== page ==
I’ve used this project as an excuse to make dishes to share at work before. This time, I made 16-42: Raspberry Tartlettes for a quarterly staff meeting. I had a colleague that was interested in trying vegan recipes and another that required gluten-free dishes, so I tried to incorporate both in this attempt.
I had originally bought tartlette tins for 5-20: Golden Cheese Tartlettes, and I’m just glad I’ve finally found another use for them.
There’s also 16-9: Raspberry Tart, if you’re looking for something a bit larger, but in the same ballpark.
Note that this recipe yields 6 tartlettes as written, but their pictures show 8. I was making this for work and needed about 20~, so I quadrupled this recipe.
Ingredients. I’ve got gluten-free 1:1 flour for my gluten-free friend. For my vegan one, I’m using vegetable shortening for butter, coconut milk for whipping cream, and flaxseed meal to make a flax egg. I also decided to have a few different kinds of berries instead of just raspberries.
Mixing up the dough. It’s not quite as yellowish as you would expect since there’s no butter or egg yolk in it.
These are my tartlette pans–there’s 6 different shapes. I’ve used them previously for 5-20: Golden Cheese Tartlettes, when I realized that muffin tins did not achieve the same outcome.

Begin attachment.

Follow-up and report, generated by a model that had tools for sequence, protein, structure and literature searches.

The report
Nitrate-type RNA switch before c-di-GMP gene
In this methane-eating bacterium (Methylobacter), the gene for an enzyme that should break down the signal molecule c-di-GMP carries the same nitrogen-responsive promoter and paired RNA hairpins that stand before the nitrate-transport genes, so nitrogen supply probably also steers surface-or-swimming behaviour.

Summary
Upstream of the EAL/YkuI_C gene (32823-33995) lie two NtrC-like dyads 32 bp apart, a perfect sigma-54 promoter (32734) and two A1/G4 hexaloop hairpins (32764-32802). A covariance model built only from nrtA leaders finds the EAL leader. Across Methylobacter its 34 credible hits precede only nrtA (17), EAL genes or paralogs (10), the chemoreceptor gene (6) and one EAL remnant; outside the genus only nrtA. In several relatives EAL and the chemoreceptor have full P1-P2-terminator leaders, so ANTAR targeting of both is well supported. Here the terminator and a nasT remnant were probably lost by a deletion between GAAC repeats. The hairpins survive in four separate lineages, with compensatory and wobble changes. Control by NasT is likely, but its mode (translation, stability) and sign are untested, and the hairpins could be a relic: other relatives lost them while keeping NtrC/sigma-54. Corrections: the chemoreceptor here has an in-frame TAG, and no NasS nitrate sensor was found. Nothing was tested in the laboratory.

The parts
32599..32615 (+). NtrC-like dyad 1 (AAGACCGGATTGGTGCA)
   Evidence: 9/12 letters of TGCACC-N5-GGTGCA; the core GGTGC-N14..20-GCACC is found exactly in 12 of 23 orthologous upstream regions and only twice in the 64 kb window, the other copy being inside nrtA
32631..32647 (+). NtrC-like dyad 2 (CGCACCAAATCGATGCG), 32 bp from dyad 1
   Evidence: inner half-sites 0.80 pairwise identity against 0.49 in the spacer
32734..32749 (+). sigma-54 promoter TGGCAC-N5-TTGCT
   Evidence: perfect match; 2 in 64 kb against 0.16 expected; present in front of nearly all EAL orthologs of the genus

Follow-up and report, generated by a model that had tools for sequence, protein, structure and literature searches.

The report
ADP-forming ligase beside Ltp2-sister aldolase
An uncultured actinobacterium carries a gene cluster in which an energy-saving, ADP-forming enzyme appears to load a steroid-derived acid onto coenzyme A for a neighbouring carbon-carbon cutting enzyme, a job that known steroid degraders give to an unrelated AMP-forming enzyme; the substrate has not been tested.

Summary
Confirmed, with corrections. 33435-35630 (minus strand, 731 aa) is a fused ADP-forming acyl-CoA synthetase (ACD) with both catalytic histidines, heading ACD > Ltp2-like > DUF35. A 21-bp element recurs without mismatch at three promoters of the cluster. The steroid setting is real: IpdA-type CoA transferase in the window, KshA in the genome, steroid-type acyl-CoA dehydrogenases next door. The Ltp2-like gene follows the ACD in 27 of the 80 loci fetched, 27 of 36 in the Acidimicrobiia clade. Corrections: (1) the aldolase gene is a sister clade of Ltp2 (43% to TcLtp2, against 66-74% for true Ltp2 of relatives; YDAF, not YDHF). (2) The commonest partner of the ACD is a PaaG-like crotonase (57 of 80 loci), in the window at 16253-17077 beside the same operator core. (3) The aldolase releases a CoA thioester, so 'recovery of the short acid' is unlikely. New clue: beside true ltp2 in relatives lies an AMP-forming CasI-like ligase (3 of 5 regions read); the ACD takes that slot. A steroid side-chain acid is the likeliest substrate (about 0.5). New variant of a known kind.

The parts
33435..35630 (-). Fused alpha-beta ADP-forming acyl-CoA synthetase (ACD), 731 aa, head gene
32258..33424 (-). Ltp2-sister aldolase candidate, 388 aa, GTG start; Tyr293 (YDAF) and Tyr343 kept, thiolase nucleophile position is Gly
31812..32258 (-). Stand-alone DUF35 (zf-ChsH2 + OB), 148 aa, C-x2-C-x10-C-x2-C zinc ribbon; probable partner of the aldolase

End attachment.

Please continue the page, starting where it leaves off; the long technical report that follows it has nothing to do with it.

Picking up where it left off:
Grating up the almond paste with the food processor.
Splitting up the dough so that I can roll it out. Not only does the dough look different because of the vegan substitutions, it has gluten free flour, so it handles a bit differently as well.
Tartlette pans lined with dough. I have them sitting on a silicone mat to keep them from sliding around too much.
Whipping cold coconut cream–this worked much better this time than previous recent attempts. I’m also not trying to work this into a custard, so I’m not as concerned if it’s not a perfect substitution.
Folding the grated almond paste into the whipped coconut cream.
It looks a bit lumpy, but maybe it’ll look better once it’s baked?
At this point all the tartlette crusts had baked–it’s hard to tell since the ingredient swaps keep it from browning like traditional dough. Now I’m arranging berries on the tops of each–it looks random, but there’s actually even amounts on each piece.
After arranging all the berries. I’ll transport them like this, and then finish them with the powdered sugar and mint leaves upon serving them.
I mocked one up at home for the camera, but as you’ll see below, this is essentially how I served them. This was in late June, so it was a perfect time of year for a nice berry treat.
As plated for my colleagues at work (tray courtesy of our office stash). They seemed to be popular and most people tried at least one. I can totally admit that making them gluten-free and vegan made them probably a bit different than originally intended, but it’s 2019 (almost 2020), and that’s where a lot of culinary trends are and have been headed. Most anything can be adapted, it just takes a bit of know-how.